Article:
Young developers are different. They were taught to have Stack Overflow up all the time, to have a working environment set up in minutes and the firewall turned on by default. Taking this last example in consideration, I can attest that’s right. Until the Networks course, Windows Firewall and Uncomplicated Firewall on Linux was the furthest I have ever explored the system.

And that was enough for me, and that is probably enough for most people. Why would you bother learning how to do something, when you don’t need to? Especially when talking about one of these tedious jobs that have already been implemented for you so well. In the end, humanity evolved because we did not have to reinvent the wheel every day. Yet it seems that there are important skills graduates don’t have, and the technological advancements might be the root issue.

It’s not the Computer Science degrees that lack good material, and it’s not the industry that wants professionals in one framework or another, but rather it’s the way the technology has evolved that kills off the curiosity of students and their motivation to discover new things. For example, I have not given too much notice to Computer Security until Google invited me to use two-factor authentication for Gmail. My experience in HTML was basic until I decided to host my website. And daemons in operating systems were completely off-topic until I had to execute a script every three hours or so.

Just to make it clear, this post is not a tutorial on how to become better. This is a pure observation on the differences between the old generation and the new generation of software engineers, between the old and the new way of mastering the art of computers. The internet has simplified programmers’ lives a lot, and this is definitely for the good. Nevertheless, having apps that do literally anything on your behalf, how do you grasp some of the fundamental concepts involved in whatever it is that you are using?


I would argue that until a couple of years ago, running a personal server was not something the average Computer Science student would do, because it seemed too technical and — being a bit blunt — too complicated. Projects like Raspberry Pi made that more approachable, and now the average student can get their servers online more easily. That is what young generations need at once: a way to understand the basics in a simple and modern fashion. Going a bit further, they need a way to get engaged in digging up technologies and figuring out their applicability.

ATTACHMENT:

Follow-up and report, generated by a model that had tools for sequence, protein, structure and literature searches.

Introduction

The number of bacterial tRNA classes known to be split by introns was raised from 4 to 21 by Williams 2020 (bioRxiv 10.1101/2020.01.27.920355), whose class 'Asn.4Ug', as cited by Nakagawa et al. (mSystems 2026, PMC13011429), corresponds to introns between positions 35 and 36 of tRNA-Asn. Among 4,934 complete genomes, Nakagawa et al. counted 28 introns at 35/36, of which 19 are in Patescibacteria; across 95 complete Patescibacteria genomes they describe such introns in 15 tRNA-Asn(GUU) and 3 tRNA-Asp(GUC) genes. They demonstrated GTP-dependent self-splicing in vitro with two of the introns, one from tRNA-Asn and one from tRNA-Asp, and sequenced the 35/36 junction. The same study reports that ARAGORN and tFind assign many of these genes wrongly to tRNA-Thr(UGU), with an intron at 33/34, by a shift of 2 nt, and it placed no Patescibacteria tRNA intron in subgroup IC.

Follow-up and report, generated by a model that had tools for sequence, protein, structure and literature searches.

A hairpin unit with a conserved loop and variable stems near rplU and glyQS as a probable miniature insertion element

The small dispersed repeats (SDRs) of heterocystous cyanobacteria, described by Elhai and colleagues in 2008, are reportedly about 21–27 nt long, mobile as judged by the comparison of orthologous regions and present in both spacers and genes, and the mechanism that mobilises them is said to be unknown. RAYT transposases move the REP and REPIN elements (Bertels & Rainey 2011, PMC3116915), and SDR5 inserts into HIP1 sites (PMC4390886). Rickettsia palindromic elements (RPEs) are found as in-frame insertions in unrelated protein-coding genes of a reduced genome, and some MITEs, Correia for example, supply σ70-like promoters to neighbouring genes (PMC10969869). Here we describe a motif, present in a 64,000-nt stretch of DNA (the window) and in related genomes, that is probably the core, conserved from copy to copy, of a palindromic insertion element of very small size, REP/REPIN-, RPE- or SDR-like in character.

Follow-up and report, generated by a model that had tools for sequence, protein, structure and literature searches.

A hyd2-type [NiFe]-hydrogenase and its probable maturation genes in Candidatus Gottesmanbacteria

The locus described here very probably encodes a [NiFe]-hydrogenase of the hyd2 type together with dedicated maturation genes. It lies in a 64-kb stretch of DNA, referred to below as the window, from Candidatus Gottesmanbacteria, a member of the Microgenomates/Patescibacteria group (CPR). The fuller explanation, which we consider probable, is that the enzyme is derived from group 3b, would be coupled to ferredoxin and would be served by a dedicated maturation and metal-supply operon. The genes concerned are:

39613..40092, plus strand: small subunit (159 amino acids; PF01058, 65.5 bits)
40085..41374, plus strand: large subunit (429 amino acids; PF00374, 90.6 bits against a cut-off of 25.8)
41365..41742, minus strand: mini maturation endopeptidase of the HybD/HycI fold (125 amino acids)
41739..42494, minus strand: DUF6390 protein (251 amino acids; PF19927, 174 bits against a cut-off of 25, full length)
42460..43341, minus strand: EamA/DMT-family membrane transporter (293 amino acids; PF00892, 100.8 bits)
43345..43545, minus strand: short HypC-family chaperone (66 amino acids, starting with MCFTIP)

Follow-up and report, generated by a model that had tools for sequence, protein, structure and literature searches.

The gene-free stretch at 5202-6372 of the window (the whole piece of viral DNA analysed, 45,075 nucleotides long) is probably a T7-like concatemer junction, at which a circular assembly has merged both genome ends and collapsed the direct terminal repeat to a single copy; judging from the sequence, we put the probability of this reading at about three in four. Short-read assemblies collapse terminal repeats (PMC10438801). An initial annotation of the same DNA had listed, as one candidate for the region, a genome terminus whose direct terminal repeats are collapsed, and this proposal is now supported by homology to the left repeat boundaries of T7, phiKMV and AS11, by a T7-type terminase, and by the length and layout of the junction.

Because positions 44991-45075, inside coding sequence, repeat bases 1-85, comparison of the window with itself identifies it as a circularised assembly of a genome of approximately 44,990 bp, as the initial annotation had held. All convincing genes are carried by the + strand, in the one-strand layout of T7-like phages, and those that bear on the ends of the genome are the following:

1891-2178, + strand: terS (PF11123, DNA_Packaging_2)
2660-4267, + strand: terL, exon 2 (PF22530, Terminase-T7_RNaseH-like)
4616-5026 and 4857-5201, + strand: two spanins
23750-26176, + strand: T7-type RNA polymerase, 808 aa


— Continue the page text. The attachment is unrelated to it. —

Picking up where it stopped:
As a personal anecdote, only recently I have managed to recognise how I got to my current level of knowledge: it is not before I gained interest in a topic that I spent time working on it. This is true for the books I read, the shows I watch and the code I write. Gaining that interest is the hard part. Information is available all over the place and choosing what you consume can be difficult. We are put in a situation where our minds are continuously bombarded by flashy topics, and without knowing too much about any of them, we are forced to choose one over the other.

Perhaps that is why software engineers have evolved from understanding every part of a computer to spending their whole careers in one field exclusively. No one has to know how to do everything, and thus they can focus on their priorities more. The industry has taken this to the extreme, and programmers — the ones supposed to produce the software people consume — have become consumers themselves. Developers need to know only how to open up the IDE and upload the code to their remote branch. Everything else is managed automatically.

For the minds out there that want to go beyond this level, one solution is to surround yourself with interesting people. Form a community that fosters good knowledge and stay as active as you can in its development. Another solution that worked for me on an indescribable level is to look up past Capture the Flag challenges and solve them. I found that CTFs cover so many topics and present the information in such a simple and challenging manner that I can’t stop enjoying them. Ultimately, you need to find a reason for yourself to be constantly engaged.

I would like to know what other ‘old’ pieces of technology you feel the industry has forgotten about. In the same way I discovered firewalls, I would be thrilled to learn about something else that I may have just turned on by default. It’s hard to escape the bubble if you don’t even know you are inside it. If you feel like I missed anything or you want to continue the discussion, leave a comment on HackerNews, Facebook or Twitter or send a direct email at [email protected].


    – On reminiscing about the past
    – On how “software engineering” came to be
    – On understanding software engineering (some of Dijkstra’s ideas)
    – On teaching CS (more of Dijkstra’s ideas)
    – 2004 discussion on some of Dijkstra’s ideas presented in the two links above
    – 2020 discussion on how to learn Linux
    – 2020 course on the practical skills degrees do not teach
    – Some tips to consider before going into your first job
    – 2014 discussion on old developers, might be nice to get an insight into what you might expect
    – 2017 discussion on the age at which people started software engineering
    – 1982 article on the different types of programmers